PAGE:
Tag: making money

 

A Guide on How to Budget on A Variable Income

There are a lot of perks that come with freelancing, but a stable, regular paycheck isn’t one of them. 

During my first year as a freelancer, I dealt with an inconsistent income roller-coaster: One month I’d stress about late client payments (and making rent), while the next month I’d find myself flush with cash. 

Indeed, when you don’t know how much you’ll make or when you’ll get paid in a given month, it’s difficult to get ahead financially. Currently, 20% of the workforce is freelance and that number is projected to rise to 50% within the next decade. And freelancers aren’t the only ones dealing with an inconsistent income. If you’re paid on commission or earn the lion’s share of your income on tips, you may be dealing with this roller-coaster as well.  

For me, I had to implement a budgeting system that helped me pay bills and save money for my financial goals. I found a system that works for me, and it can work for you, too. Read on to learn more about my tried-and-true budgeting system for an inconsistent income. 

How this budgeting system works — an overview

While your income may be irregular, most of your bills are not. Plus, one month you may live large because a client finally paid you while another month you can barely cover rent because things have been slow. 

To break this feast or famine cycle I nailed one goal: I pay myself first with a steady, consistent paycheck. Regardless of how much I earn each month, I still get paid the same amount. 

So, let’s say you’ve decided that your monthly paycheck needs to be $5,000. One month has been stellar, and after setting aside money for taxes, you’ve earned $7,500. Rather than spending that $7,500, you pay yourself $5,000. 

The next month has been a little rough and after taxes, you’ve only earned $3,500. You can still pay yourself first with a regular paycheck. See how that works?

While it may be a bummer to not spend a little extra during months when you earn a lot, you’ll be thankful that you didn’t blow your cash when a slow month rolls around. 

Steps to implement this system

The pay yourself first concept is pretty straight-forward. But, with any budgeting system, there are a few key steps you’ll want to take to implement this. 

Step 1: Calculate your budget

The first step is to figure out what your monthly paycheck will be. If you don’t have a budget already, start by listing all of your necessities. These are the things that you absolutely must be able to pay for each month, regardless of how much or how little you make. For example: 

  • How much do you spend on things like housing, transportation, utilities, groceries, and health insurance premiums? 
  • How much do you transfer into savings each month for retirement and other goals?
  • What are your debt payments? 

Next, you’ll add your discretionary spending to your budget. This includes things like eating out, shopping, subscription services, and any extra travel. Discretionary spending is nice but you can also cut it out when things get really lean. 

Not sure what you spend? Take some time to look back through your past few months of credit card and bank statements to get a good estimate.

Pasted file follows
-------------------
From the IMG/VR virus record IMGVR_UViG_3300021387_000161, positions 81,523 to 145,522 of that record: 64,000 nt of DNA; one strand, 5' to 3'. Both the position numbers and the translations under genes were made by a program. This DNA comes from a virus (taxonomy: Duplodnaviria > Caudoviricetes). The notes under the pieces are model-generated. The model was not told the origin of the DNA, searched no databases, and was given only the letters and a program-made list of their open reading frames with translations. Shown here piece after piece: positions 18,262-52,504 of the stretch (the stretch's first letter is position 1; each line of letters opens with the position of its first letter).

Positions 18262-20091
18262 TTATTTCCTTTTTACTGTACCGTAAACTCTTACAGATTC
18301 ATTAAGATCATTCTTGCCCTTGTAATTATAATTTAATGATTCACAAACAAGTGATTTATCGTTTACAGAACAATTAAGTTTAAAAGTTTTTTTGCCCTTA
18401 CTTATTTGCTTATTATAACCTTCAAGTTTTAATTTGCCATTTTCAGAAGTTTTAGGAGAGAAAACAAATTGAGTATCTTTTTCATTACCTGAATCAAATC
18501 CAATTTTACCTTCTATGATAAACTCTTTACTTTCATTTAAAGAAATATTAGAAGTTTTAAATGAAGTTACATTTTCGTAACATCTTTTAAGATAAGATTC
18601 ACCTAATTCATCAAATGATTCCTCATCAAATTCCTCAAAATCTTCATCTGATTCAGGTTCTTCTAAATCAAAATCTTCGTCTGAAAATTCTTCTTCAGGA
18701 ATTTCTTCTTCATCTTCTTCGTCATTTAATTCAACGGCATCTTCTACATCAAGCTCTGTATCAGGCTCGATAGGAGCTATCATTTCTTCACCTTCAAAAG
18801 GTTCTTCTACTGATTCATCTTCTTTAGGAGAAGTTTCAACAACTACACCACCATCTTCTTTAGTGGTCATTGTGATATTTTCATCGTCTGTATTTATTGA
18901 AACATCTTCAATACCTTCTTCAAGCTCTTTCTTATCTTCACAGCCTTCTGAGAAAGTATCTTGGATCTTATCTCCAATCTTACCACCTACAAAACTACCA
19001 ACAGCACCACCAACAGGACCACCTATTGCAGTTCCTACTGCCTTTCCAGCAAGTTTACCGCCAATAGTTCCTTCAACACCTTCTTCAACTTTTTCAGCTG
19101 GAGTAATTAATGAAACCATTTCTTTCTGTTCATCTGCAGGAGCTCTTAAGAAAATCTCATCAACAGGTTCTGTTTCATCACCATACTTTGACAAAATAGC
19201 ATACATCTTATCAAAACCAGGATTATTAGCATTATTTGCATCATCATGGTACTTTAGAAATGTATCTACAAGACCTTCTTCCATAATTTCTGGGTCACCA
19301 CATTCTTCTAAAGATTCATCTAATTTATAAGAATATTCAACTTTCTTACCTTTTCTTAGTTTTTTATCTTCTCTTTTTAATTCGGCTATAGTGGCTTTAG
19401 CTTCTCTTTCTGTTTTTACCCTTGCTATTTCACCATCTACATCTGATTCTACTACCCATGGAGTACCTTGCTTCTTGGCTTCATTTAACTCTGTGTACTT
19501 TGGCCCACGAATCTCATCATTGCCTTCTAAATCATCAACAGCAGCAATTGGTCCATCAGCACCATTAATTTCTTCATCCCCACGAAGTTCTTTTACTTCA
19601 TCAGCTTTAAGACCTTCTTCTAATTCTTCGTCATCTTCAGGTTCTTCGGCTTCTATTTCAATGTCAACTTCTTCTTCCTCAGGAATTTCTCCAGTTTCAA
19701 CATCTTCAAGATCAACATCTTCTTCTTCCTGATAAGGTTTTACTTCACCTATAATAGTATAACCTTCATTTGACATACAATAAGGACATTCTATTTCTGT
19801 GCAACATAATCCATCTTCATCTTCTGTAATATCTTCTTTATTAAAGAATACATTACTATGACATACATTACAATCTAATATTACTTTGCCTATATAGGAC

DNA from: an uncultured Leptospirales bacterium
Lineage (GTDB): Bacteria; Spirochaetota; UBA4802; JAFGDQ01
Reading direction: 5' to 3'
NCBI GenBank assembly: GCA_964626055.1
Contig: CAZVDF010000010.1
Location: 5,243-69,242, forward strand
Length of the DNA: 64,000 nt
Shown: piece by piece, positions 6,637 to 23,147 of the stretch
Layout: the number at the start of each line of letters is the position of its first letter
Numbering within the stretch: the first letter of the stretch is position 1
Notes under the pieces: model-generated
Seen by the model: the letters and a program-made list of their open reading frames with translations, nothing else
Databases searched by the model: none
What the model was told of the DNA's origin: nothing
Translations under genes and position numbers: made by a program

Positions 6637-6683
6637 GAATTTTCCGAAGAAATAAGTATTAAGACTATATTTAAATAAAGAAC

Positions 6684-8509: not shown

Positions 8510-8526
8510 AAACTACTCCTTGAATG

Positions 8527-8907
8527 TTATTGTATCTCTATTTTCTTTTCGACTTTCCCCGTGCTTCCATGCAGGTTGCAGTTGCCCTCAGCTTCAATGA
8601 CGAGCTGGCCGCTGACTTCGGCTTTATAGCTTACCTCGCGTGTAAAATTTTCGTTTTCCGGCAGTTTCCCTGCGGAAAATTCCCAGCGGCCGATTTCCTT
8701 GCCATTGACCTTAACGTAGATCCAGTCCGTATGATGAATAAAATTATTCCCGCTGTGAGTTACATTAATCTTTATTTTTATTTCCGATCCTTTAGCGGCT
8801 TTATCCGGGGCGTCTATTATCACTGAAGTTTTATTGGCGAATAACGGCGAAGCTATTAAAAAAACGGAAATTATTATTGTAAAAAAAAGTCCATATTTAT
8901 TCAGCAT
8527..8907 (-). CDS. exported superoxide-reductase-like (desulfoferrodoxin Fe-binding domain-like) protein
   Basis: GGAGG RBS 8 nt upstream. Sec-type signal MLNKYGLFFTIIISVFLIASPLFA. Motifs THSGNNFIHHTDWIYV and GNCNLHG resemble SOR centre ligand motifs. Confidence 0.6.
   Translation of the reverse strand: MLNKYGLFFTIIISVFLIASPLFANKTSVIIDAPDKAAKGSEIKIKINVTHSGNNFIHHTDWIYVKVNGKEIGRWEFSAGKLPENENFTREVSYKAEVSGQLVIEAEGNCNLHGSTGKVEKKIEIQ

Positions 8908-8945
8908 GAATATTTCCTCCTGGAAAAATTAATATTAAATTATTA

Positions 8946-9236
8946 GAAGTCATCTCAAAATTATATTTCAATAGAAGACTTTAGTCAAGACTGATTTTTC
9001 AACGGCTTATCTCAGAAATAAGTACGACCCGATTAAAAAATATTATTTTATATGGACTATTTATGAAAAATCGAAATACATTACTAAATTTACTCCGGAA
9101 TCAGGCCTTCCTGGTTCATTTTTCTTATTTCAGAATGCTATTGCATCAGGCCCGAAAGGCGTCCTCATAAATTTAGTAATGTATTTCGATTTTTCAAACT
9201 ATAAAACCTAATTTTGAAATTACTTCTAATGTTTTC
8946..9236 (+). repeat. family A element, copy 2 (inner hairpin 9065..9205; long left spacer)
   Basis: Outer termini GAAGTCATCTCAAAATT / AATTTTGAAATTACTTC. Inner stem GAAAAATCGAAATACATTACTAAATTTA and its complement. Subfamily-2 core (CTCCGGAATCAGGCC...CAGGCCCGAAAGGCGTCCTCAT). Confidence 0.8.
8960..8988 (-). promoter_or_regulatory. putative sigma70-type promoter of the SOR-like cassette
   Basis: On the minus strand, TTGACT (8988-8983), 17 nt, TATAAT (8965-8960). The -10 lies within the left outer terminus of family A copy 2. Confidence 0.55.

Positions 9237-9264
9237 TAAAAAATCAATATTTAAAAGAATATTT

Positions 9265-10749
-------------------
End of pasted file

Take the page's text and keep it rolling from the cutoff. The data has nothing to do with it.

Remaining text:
Once you have everything listed, add it all together. This will tell give you a ballpark idea of your monthly budget and monthly paycheck amount. 

Step 2: Set up separate bank accounts

To keep this system organized, you’ll want to have a few separate bank accounts set up, including accounts for:

  • Work income (or business) 
  • Personal spending 
  • Savings 

It’s a good idea to deposit your work income into a checking account that is only used for your work expenses (no personal spending). If you’re self-employed you might want to consider using a business checking account. 

Each month your “paycheck” will be transferred from your work checking account to your personal checking account. You’ll pay all of your bills and do all of your personal spending with the money in this personal account. 

You’ll also want to have a separate savings account that you can pull from during your down months. Dave Ramsey calls this savings account a “hill and valley fund”. When you have an exceptionally good month, you can transfer money from your work checking account to this savings account. And during an exceptionally bad month, you can transfer money from this savings account to cover your full paycheck. 

Step 3: Adjust as needed

Just like with any other budget, you can make changes periodically and check to see whether this system is working. If you find that you haven’t given yourself enough of a paycheck to comfortably live, go back to step 1 and recalculate your budget. If you find yourself constantly needing to dip into your savings account to give yourself a paycheck and that account balance is getting dangerously low, you may need to cut back on some of your expenses or earn more money. 

Set yourself up for success

If you have an inconsistent income, don’t fret. You can still enjoy the benefits of flexible earnings with a budget that works. 

While it can take some time to set up this system and get used to paying yourself a consistent income, you’ll eventually breathe a little easier each month. Besides, it’ll be nice not to worry about paying your bills when things get a little slow. Are you ready to give it a try?

 

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